By: The Working Forest Staff
Data from only a small number of gene variants can predict which maritime pine trees are most vulnerable to climate change, scientists report in the March issue of GENETICS. The results will improve computer models designed to forecast where forests will grow as the climate changes, and promises to help forestry managers decide where to focus reforestation efforts. The results will also guide the choice of tree stocks. The maritime pine (Pinus pinaster) grows widely in southwestern Europe and parts of northern Africa. But the tree’s important economic value and ecological roles in the region may be at risk as the changing climate threatens the more vulnerable forests and the productivity of commercial plantations.
To predict which regions will sustain pine forests in the future, researchers and managers rely on computer models. But these forecasts don’t take into account two major factors that influence a forest’s fate: genetics and evolution. Genetic differences between tree populations mean that forests vary in how well they cope with warmer, drier conditions. Ongoing evolution of trees also influences the prevalence of these genetic differences; for example, trees with gene variants allowing them to withstand higher temperatures will become increasingly common as the climate changes.
“These genetic effects are not included in forest range shift models, but we know they can completely change the resulting predictions. Our goal was to identify such effects in a way that can be readily incorporated into the forecasts,” said study leader Santiago González-Martínez, from the Forest Research Centre of Spain’s Institute for Agricultural Research (CIFOR-INIA).
To find genetic variants that affect the species’ fitness in different climate conditions, maritime pine researchers from around the world pooled their expertise and the results of previous research, yielding a list of more than 300 variants in 200 candidate genes. Creating a shortlist of targets is considerably faster and more economical than searching the entire genome of the maritime pine, which is about nine times larger than the human genome.
From this list, the team tested whether any of the candidates were more common in regions that shared similar climates. Such geographic patterns can be the result of natural selection and point to gene variants that influence tree survival and reproduction according to climate. By testing the frequency of each variant at 36 locations in Portugal, Spain, France, Morocco, and Tunisia, the researchers found 18 variants that showed correlations with the local climate. These variants affected genes involved in many different biological processes, including growth and response to heat stress.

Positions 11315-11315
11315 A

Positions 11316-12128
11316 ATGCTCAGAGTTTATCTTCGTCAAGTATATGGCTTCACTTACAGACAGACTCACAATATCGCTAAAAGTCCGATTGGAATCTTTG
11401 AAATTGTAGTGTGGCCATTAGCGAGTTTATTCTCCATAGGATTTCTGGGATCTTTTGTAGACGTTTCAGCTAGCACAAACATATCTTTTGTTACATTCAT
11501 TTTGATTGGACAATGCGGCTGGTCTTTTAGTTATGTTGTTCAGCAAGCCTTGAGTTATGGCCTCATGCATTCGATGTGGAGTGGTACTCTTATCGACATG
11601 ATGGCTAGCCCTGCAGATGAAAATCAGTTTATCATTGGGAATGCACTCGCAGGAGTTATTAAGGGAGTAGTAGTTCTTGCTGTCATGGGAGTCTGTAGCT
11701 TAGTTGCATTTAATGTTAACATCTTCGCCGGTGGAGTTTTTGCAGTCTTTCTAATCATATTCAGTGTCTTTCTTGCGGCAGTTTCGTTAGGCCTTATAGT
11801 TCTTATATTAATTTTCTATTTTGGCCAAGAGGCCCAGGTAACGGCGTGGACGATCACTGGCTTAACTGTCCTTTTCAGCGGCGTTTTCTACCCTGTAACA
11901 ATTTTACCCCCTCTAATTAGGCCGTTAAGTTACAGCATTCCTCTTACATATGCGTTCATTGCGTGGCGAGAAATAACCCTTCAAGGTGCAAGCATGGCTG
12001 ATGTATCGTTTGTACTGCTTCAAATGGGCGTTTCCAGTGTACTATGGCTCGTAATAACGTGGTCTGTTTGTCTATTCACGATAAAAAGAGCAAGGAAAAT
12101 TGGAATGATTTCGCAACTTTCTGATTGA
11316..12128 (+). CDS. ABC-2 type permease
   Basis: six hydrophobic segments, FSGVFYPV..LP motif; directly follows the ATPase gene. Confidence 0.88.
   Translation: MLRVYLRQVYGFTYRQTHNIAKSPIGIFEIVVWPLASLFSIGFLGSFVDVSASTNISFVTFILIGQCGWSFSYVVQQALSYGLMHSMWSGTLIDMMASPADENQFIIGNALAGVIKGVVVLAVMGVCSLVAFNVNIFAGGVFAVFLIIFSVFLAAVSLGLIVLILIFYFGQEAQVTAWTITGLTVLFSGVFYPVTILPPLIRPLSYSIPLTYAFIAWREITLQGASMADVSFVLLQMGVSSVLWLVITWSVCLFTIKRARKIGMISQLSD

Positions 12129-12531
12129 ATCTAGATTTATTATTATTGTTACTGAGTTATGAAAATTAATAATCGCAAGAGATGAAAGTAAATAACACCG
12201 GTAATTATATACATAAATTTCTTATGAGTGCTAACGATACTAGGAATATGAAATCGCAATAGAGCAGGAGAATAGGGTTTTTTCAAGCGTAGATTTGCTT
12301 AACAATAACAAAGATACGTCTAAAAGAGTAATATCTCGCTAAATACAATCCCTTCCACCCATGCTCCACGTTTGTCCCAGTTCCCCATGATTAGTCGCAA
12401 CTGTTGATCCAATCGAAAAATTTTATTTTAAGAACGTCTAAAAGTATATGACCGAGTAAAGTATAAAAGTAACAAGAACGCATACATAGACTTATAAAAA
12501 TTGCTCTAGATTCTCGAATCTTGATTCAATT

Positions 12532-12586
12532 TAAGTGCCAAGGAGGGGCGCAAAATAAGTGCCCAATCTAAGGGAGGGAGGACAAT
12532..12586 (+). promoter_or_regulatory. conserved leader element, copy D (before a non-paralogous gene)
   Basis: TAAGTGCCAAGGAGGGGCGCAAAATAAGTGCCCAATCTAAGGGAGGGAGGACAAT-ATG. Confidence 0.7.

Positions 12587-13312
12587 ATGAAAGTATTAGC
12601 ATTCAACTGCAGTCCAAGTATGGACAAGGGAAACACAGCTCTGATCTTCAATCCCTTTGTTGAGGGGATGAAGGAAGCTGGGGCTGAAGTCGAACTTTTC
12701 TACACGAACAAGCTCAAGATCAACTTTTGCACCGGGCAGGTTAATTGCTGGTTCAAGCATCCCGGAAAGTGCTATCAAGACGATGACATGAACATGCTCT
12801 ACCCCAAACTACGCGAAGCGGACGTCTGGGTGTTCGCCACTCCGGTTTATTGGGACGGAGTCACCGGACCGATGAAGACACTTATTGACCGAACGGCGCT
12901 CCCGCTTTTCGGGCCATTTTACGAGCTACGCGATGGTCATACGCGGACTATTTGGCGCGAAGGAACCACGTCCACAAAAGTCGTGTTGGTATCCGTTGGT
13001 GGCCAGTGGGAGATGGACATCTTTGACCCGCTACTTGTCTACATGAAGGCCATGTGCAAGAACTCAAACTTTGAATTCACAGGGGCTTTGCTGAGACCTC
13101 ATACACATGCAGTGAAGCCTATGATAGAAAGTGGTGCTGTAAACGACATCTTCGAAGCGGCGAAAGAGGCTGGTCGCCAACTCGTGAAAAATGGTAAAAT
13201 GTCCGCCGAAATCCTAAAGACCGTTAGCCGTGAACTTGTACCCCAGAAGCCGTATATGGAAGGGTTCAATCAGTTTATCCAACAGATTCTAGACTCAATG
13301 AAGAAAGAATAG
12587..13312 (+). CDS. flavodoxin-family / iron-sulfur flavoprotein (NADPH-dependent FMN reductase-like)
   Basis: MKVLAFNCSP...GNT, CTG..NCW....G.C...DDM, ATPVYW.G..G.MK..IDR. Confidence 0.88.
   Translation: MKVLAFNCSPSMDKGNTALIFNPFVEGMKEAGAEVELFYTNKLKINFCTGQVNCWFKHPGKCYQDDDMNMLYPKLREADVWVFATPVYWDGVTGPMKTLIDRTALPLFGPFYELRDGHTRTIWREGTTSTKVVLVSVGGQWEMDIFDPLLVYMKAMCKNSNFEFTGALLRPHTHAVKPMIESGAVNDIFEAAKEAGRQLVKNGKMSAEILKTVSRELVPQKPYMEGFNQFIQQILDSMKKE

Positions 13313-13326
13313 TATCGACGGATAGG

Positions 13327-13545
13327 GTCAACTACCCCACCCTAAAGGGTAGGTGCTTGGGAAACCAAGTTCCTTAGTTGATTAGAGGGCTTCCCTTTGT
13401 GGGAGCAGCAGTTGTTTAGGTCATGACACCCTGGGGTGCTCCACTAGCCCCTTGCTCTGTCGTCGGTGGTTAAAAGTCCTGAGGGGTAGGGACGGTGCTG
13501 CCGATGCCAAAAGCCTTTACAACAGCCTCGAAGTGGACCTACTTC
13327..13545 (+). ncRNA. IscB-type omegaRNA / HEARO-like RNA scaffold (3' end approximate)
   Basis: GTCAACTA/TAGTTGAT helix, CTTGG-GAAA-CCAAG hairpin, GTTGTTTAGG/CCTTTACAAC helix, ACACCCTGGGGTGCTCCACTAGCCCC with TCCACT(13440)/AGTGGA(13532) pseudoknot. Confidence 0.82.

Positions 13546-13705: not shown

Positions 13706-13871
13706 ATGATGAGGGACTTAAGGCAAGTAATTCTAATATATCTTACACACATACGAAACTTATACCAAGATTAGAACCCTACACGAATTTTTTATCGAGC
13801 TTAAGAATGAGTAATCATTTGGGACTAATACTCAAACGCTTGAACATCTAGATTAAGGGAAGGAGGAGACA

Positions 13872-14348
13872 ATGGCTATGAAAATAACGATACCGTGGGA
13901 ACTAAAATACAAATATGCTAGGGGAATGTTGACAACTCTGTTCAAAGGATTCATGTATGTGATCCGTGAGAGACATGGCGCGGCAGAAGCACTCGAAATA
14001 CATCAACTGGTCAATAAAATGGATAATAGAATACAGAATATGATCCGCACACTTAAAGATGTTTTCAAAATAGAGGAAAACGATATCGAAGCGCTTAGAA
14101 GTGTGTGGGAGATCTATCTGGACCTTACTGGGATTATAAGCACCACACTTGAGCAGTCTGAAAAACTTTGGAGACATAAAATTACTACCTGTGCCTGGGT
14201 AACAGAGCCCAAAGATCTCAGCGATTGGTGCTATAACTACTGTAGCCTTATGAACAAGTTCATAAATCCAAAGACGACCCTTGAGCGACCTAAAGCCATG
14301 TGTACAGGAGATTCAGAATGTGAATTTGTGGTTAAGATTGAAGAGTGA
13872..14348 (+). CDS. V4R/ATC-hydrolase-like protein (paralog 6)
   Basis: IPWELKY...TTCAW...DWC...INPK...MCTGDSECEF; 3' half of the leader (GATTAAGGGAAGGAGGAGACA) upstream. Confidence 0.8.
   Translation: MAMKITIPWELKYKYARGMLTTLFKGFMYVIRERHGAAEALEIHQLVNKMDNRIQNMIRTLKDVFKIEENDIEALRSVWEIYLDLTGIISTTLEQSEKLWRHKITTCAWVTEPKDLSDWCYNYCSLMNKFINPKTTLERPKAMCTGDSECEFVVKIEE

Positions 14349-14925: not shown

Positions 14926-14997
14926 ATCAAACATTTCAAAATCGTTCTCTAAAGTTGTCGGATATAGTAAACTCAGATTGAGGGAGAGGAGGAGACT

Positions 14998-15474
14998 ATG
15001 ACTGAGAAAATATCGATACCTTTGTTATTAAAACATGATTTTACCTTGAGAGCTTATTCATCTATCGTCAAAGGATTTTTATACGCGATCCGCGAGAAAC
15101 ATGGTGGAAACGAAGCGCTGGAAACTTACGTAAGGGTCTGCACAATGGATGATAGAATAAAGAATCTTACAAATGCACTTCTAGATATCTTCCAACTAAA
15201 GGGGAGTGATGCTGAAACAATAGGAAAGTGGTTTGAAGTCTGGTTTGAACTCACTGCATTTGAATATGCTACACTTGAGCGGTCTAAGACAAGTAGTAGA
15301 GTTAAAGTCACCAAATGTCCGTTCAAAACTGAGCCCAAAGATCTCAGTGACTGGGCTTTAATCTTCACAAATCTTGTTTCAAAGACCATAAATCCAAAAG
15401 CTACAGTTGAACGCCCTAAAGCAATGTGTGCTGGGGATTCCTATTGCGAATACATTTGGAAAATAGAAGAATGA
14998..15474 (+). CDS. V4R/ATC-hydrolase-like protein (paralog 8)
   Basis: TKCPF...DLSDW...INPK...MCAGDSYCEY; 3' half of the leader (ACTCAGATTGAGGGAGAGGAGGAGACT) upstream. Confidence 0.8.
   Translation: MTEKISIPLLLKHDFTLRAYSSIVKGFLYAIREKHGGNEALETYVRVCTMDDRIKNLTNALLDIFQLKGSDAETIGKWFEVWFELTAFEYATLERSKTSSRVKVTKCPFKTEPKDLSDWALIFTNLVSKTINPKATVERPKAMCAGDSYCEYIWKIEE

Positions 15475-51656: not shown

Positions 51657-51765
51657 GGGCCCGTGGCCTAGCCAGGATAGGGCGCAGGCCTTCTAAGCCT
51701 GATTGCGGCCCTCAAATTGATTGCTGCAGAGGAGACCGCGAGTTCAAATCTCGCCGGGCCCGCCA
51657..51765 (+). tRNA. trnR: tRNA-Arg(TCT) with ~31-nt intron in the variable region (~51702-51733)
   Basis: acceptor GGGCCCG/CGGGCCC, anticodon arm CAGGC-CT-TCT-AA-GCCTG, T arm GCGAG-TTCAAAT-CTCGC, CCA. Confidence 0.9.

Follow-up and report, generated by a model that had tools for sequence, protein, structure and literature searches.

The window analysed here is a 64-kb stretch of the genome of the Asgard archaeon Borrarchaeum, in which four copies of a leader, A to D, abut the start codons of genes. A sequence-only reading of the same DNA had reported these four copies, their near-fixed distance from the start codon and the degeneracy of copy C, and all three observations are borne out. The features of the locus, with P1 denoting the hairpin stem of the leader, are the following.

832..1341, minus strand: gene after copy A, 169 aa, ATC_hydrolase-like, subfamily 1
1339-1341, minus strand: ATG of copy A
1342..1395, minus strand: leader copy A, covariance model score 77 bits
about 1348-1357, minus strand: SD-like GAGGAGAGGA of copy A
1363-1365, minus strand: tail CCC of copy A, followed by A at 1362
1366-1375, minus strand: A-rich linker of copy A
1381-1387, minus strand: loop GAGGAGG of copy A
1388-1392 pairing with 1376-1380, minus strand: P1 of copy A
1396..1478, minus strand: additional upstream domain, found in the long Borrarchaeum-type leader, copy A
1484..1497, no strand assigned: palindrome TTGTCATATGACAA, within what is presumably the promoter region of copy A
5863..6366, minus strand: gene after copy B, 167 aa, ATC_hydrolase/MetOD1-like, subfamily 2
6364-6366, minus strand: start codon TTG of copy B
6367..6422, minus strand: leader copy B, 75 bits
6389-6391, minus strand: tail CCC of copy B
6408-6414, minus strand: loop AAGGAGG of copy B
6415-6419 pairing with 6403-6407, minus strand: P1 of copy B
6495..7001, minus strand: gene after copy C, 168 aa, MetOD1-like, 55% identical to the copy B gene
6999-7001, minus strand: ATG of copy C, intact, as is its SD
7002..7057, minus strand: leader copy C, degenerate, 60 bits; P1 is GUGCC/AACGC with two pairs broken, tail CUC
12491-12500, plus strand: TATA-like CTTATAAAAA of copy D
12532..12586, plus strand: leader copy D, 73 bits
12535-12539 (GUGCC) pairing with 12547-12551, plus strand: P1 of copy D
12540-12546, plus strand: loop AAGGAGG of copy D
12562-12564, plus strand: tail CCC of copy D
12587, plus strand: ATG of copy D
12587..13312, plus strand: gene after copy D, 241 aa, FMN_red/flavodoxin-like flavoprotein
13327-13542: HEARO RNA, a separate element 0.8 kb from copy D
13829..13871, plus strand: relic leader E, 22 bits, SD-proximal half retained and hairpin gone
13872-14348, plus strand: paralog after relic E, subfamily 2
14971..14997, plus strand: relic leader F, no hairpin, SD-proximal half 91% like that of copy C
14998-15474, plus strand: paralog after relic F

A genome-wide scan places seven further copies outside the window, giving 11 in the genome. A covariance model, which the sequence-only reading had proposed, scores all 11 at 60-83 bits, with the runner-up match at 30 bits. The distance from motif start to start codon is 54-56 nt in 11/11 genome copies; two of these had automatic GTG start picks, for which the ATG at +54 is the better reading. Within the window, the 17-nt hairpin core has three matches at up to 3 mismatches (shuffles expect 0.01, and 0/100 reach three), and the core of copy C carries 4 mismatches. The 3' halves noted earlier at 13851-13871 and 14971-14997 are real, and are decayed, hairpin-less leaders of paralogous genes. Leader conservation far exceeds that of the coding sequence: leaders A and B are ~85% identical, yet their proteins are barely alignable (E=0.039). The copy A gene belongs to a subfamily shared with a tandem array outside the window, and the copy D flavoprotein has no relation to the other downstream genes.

The researchers then looked for evidence that these variants are important for the trees’ fitness by planting seedlings from 19 of the locations together in a dry part of Spain, at the extreme end of the species’ climatic range. This allowed the team to compare how well genetically different trees would survive under similar conditions. After five years, the seedlings carrying gene variants predicted to be beneficial in the local climate indeed tended to have higher survival rates.
These results demonstrate the feasibility of this relatively fast approach of finding and confirming genetic variants associated with climate. “Now that we have shown that the method works well, we are planning similar experiments on a bigger scale, with more test sites, looking at more genes, and different traits. For example, the single biggest climate change threat to pine forests is the increased frequency of wildfires, so we’re searching for variants that affect fire tolerance,” said González-Martínez.
“Good decisions require good data, and this collaborative work shows how crucial genetic data can be for managing biodiversity and commercial forestry amid a changing climate,” said GENETICS Editor-in-Chief Mark Johnston.